• Physical therapy. Physical therapy, such as ultrasound, massage and stretching can all reduce inflammation and may help you avoid surgery.
• Orthotics and braces. Custom arch supports known as foot orthotics control abnormal motion in the foot and stabilize the ankle to relieve stress on the posterior tibial tendon. Orthotics can decrease symptoms in mild cases and help prevent it from happening again. Custom braces can provide more support than orthotics and are often a great solution that helps people avoid surgery.
• Immobilization. In some cases, a walking cast boot or plaster/fiberglass cast is necessary to take pressure off the injured tendon, while allowing it to heal. Sometimes crutches are needed as well.
• ESWT. Extra-corporeal Shock Wave Therapy uses high energy sound waves to break up diseased tissue in the posterior tibial tendon and stimulate your own body’s own natural healing processes to repair the diseased area. It is usually done in an outpatient surgery center. There is no incision and no stitches with ESWT.
• PRP. Platelet Rich Plasma (PRP) is a therapeutic injection which uses your body’s own natural healing cells to repair the tendon. A small sample of blood is drawn from the patient and the healing factors found in the platelets are concentrated in a centrifuge. By injecting the concentrated solution right into the damaged posterior tibial tendon, a powerful healing can be stimulated. This can be done in the office. No hospital or surgery required.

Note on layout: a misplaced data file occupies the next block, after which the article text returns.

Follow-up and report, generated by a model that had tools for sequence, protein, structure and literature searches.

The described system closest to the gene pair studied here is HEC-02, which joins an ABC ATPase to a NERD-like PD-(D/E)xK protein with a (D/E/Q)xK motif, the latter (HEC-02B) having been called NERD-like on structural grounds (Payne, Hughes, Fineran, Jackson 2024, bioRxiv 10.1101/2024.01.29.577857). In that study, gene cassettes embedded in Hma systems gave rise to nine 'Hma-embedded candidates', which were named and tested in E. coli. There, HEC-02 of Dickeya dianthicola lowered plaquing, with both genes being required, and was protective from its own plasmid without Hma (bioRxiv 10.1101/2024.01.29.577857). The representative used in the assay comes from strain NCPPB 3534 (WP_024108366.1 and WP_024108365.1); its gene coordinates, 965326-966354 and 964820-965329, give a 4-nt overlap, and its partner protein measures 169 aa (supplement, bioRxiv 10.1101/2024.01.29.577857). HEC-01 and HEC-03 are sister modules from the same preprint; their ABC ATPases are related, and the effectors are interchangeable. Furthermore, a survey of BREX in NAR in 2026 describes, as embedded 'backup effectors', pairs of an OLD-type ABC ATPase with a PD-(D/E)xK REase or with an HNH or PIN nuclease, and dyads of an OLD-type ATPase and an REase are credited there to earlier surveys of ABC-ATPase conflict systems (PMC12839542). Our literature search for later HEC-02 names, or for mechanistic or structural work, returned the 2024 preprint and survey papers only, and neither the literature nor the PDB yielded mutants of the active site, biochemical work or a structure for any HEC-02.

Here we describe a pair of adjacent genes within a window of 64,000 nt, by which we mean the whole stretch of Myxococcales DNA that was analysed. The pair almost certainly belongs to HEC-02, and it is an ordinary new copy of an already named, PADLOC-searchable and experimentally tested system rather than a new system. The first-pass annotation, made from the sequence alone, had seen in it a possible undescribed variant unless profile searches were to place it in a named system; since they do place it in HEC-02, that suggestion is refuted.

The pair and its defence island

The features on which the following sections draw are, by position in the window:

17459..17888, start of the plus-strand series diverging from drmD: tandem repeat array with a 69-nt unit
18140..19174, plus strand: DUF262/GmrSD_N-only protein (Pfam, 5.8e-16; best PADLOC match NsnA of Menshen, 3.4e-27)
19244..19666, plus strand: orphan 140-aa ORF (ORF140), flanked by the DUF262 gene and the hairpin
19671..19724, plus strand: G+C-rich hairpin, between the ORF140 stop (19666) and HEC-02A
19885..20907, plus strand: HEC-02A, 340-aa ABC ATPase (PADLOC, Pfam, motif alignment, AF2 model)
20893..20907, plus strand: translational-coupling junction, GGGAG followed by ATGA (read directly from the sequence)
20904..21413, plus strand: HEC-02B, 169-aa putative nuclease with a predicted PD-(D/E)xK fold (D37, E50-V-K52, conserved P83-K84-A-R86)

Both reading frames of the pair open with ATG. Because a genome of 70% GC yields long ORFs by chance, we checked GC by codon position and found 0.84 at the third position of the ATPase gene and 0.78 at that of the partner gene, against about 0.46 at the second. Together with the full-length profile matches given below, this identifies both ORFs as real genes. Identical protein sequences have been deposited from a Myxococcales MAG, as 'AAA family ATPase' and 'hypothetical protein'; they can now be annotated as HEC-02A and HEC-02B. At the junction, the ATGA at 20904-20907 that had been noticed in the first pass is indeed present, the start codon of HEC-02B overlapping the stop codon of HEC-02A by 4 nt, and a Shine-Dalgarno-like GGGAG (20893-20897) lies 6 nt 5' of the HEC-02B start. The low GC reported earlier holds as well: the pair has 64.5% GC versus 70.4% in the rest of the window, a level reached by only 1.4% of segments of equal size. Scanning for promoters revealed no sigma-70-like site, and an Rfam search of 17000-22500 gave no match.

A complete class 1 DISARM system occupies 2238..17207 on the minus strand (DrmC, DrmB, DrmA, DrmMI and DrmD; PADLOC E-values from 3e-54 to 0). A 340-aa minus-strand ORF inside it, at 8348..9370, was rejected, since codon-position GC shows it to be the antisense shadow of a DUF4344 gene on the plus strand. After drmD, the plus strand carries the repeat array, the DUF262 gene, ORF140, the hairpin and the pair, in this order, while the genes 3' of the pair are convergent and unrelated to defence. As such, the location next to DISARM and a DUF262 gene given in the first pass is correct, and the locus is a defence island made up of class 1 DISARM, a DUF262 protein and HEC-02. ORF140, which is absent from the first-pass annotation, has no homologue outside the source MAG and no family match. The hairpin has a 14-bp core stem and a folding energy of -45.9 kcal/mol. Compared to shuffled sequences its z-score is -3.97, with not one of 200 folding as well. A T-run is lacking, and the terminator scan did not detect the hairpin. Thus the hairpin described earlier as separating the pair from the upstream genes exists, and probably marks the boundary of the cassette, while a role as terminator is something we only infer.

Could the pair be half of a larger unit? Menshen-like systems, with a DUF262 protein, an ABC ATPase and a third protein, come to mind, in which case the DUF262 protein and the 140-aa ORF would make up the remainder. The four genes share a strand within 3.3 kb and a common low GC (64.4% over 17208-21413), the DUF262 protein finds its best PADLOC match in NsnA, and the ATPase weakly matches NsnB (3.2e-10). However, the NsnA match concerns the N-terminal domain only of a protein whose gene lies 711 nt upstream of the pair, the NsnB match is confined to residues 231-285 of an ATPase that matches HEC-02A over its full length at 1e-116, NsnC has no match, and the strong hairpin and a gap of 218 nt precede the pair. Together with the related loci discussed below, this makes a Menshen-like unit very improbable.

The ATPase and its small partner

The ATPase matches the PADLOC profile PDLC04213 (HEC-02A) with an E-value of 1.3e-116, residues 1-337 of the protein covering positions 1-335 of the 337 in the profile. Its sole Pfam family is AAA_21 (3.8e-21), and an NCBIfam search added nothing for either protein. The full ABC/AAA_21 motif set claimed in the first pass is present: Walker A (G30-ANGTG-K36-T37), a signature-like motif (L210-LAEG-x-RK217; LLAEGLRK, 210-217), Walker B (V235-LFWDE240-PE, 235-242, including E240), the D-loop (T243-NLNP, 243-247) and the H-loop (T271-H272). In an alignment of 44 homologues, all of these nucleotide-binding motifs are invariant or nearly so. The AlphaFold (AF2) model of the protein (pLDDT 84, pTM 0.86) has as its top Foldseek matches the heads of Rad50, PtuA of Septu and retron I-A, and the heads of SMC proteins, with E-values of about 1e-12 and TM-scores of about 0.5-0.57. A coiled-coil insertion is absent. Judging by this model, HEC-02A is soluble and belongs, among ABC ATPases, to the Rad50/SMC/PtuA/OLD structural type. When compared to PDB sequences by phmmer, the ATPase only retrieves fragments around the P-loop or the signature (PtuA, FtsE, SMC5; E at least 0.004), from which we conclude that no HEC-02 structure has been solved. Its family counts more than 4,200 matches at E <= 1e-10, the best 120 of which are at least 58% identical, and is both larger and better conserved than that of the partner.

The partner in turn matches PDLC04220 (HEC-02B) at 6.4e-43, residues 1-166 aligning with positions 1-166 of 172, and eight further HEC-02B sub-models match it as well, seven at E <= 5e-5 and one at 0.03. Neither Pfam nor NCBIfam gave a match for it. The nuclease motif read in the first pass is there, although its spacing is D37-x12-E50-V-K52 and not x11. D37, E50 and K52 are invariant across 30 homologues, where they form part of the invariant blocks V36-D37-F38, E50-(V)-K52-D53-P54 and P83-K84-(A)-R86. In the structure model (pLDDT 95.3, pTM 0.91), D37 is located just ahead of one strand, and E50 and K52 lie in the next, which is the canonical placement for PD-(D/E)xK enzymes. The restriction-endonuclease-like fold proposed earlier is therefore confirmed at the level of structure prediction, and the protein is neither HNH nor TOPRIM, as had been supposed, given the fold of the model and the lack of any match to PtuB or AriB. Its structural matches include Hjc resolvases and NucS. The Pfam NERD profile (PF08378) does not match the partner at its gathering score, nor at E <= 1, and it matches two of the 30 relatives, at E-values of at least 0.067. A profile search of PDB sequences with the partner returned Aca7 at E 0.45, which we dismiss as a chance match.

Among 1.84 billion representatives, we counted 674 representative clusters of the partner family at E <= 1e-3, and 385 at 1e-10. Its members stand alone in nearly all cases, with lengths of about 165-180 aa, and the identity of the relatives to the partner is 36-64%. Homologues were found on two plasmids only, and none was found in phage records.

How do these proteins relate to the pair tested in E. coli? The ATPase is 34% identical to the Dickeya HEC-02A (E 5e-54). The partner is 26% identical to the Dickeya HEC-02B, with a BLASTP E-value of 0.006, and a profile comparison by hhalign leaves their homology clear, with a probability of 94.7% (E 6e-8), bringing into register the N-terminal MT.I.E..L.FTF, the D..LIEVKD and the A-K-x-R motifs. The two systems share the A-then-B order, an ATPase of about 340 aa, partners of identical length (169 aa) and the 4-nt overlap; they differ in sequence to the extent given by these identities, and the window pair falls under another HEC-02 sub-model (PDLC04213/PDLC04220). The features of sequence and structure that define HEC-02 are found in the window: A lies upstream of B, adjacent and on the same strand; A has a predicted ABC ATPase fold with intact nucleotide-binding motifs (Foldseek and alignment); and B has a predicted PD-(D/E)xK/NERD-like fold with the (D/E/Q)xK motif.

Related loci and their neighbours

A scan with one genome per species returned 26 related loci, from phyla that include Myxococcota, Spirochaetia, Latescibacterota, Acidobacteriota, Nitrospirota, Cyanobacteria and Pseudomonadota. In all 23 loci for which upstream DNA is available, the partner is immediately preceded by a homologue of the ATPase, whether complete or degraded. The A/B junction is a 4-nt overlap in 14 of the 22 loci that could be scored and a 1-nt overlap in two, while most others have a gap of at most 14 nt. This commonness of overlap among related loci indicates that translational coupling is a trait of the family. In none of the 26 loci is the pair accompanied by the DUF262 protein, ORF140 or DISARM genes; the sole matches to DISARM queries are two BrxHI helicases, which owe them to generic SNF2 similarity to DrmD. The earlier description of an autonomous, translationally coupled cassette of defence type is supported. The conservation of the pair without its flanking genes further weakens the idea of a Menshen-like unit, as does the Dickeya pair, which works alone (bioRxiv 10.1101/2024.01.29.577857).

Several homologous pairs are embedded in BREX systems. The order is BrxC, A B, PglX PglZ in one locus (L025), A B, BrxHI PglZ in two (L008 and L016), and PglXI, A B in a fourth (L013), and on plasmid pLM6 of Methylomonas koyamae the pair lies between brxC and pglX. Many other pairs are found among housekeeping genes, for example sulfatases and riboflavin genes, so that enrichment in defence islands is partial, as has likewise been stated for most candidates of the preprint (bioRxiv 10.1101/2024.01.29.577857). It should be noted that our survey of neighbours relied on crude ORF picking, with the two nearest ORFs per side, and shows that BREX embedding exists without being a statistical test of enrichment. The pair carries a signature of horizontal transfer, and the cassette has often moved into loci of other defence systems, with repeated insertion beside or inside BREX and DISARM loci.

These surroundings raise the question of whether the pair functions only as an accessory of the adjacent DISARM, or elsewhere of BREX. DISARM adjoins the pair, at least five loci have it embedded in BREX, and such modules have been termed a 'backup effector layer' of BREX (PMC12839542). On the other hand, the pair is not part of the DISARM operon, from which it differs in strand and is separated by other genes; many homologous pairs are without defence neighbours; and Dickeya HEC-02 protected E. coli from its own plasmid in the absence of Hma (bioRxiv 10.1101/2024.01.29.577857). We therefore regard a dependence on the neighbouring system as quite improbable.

Because of the progressive nature of PTTD, it’s best to see your foot and ankle surgeon as soon as possible. If treated early enough, your symptoms may resolve without the need for surgery and progression of your condition can be arrested. In contrast, untreated PTTD could leave you with an extremely flat foot, painful arthritis in the foot and ankle, and increasing limitations on walking, running, or other activities.
When Is Surgery Needed?
If and (only if) non-surgical treatments fail, will it make sense to consider surgery. Having said that, we know that some advanced cases with severe deformities and tendon ruptures are unlikely to get better without surgery.
Surgery for PTTD In cases of PTTD that have progressed to advanced stages (or haven’t improved with non-surgical care) surgery may be required. An operation to treat PTTD can include many different surgical procedures. Some of these include removal of the diseased or degenerated portion of the tendon, tendon reconstruction, reinforcing a weak tendon with a tendon graft, fusion of foot joints to add stability, flatfoot reconstruction, and arthroeresis (placing a small implant in the foot to stabilize the foot and arch).
Regardless of which exact surgery is planned, the goal is always to decrease pain and correct the problem. The idea is to get you back to your favorite activities. You will work with your foot and ankle surgeon to determine the exact surgical procedure that is most likely to correct the problem in your case. The two of you work as a team to develop a plan that will help assure success.
When to See a Foot Specialist for Posterior Tibial Tendonitis
Any time you notice that your arch is collapsing, or you have pain, tenderness or swelling along the inside of the foot or ankle, you should see an ankle expert. Get help immediately. Keep in mind that PTTD is progressive. It is very important that you seek treatment to avoid permanent tendon damage. Without help, it will usually get continually worse. It is best to treat the problem early, so you can move on, and get back to enjoying your activities.